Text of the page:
The program’s objective is to provide assistance and encouragement for black male students to persist through college and graduate.

“The project is designed to provide empathetic advising sessions, workshops and a mentoring component to help our African-American male students in their pursuit of higher education,” said Tillman.

Specifically, the pilot program combines New Student Orientation sessions, success workshops, monthly developmental seminars and learning sessions, advising and academic tutoring, and mentorship to provide social and emotional support.

“Research often shows that African-American men struggle with barriers to academic success,” said Tillman. “They’re juggling jobs, managing finances, trying to meet family commitments, and they often combat other barriers like the absence of role models, low self-esteem, social exclusion or even the fear of success.

“All students need one-on-one support, but that’s often true for minority students. And sometimes that’s just having someone to talk to.”

For more information about the programs and resources offered by Pellissippi State, visit www.pstcc.edu or call (865) 694-6400.

And the College and Career Readiness award goes to … Pellissippi State

Pellissippi State Community College has been selected as the Tennessee community college recipient of the national ACT’s College and Career Readiness Campaign award.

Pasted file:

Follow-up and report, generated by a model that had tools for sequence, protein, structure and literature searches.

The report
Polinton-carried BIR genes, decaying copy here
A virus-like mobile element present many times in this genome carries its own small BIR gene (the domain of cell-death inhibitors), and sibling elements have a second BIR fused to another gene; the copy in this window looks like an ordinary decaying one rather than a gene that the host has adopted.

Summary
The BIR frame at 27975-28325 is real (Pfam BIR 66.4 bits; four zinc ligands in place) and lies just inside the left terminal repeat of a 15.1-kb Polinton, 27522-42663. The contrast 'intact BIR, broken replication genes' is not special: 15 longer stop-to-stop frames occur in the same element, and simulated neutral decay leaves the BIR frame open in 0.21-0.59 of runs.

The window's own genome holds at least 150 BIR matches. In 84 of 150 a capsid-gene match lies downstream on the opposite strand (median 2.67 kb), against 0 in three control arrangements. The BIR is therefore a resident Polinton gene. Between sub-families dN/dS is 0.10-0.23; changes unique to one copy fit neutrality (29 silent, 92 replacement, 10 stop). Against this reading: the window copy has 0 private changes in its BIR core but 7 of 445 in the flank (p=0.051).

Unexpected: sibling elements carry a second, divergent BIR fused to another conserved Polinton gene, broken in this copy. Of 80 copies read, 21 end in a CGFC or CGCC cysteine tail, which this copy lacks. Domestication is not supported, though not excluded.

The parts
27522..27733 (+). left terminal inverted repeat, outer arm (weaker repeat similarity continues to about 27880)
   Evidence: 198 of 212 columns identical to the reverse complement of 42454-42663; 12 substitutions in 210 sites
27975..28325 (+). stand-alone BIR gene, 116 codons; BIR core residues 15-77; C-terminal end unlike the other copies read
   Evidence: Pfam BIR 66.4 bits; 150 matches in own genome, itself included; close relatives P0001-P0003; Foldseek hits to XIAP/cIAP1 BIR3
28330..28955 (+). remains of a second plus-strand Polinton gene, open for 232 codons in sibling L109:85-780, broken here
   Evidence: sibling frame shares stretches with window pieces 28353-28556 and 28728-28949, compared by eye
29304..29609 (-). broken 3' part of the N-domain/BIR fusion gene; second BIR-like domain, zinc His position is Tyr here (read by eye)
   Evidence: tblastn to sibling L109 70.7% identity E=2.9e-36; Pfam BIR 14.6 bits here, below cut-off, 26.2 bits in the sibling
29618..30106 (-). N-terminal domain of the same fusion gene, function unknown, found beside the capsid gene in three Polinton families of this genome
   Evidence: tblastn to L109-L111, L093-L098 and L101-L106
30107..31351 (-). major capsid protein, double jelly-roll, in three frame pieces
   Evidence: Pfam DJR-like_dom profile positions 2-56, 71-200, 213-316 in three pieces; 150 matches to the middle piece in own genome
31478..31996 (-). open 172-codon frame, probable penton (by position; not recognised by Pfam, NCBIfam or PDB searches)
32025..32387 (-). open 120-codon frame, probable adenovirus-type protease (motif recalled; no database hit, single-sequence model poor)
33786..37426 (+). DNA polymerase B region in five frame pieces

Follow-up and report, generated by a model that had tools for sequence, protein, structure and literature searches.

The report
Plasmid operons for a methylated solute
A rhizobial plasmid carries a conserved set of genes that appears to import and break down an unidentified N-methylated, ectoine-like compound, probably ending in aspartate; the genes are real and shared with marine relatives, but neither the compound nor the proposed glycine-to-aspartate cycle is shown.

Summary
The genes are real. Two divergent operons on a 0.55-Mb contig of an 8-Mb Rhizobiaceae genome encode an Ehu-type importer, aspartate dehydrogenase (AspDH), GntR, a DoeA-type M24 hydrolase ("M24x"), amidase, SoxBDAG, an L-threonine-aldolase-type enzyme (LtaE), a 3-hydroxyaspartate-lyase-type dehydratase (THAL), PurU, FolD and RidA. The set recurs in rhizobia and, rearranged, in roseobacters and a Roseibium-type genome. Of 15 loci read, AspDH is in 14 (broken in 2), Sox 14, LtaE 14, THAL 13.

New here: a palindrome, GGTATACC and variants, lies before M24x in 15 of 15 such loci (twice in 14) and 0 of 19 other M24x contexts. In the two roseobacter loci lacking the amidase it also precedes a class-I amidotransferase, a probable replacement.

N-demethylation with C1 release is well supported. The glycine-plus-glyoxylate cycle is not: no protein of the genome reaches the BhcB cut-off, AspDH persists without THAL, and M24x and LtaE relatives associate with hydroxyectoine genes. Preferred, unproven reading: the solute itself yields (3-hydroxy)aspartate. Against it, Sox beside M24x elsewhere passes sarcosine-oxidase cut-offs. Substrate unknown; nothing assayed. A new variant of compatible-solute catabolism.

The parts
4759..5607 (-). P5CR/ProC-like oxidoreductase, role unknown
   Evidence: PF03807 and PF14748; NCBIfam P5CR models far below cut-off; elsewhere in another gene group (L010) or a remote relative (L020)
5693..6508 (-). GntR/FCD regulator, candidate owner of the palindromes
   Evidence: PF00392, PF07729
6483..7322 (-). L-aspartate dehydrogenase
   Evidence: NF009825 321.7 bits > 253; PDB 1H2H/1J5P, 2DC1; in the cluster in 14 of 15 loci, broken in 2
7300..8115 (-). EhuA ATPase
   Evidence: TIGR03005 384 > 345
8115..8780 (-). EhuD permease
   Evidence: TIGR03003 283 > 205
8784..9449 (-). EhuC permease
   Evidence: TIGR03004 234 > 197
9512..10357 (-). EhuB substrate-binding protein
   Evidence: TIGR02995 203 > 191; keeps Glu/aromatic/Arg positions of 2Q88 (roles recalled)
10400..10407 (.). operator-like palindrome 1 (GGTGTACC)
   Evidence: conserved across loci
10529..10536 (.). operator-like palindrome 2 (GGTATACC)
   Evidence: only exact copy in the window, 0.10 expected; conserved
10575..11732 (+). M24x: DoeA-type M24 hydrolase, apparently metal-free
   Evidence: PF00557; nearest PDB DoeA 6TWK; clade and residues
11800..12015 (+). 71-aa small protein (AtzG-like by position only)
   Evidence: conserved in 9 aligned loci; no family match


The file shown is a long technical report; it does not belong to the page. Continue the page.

The Career Preparedness Award recognizes the honoree for significant strides in helping students prepare for success in the workforce or in continuing their education. Pellissippi State next enters the selection process for national semifinalists in the ACT campaign. The selected finalist will be recognized as the national exemplar and will be honored at an ACT gala in Washington, D.C., in June.

“We’re honored that the work we do at Pellissippi State was recognized through this award,” said L. Anthony Wise Jr., the college’s president. “Our faculty and staff do a great job helping students find their success, whether they’re transferring to a four-year university or entering their career fields.”

This is the ACT’s third College and Career Readiness Campaign. This year’s campaign is the largest so far, involving 34 partner states. One exemplary student in each participating state receives an academic scholarship from ACT.

For more information about Pellissippi State and its programs, visit www.pstcc.edu or call (865) 694-6400.

Two Pellissippi State students named to All-Tennessee Academic Team

Pellissippi State Community College students Carly Baskette (second from right) and Petr Stephanovich Bulkhak (not pictured) were recognized for outstanding academic achievement as part of the 2015 All-Tennessee Academic Team. Pictured with Baskette, from left, are Pellissippi State Phi Theta Kappa advisors Casey Lambert and Judith Sichler and Pellissippi State president L. Anthony Wise Jr.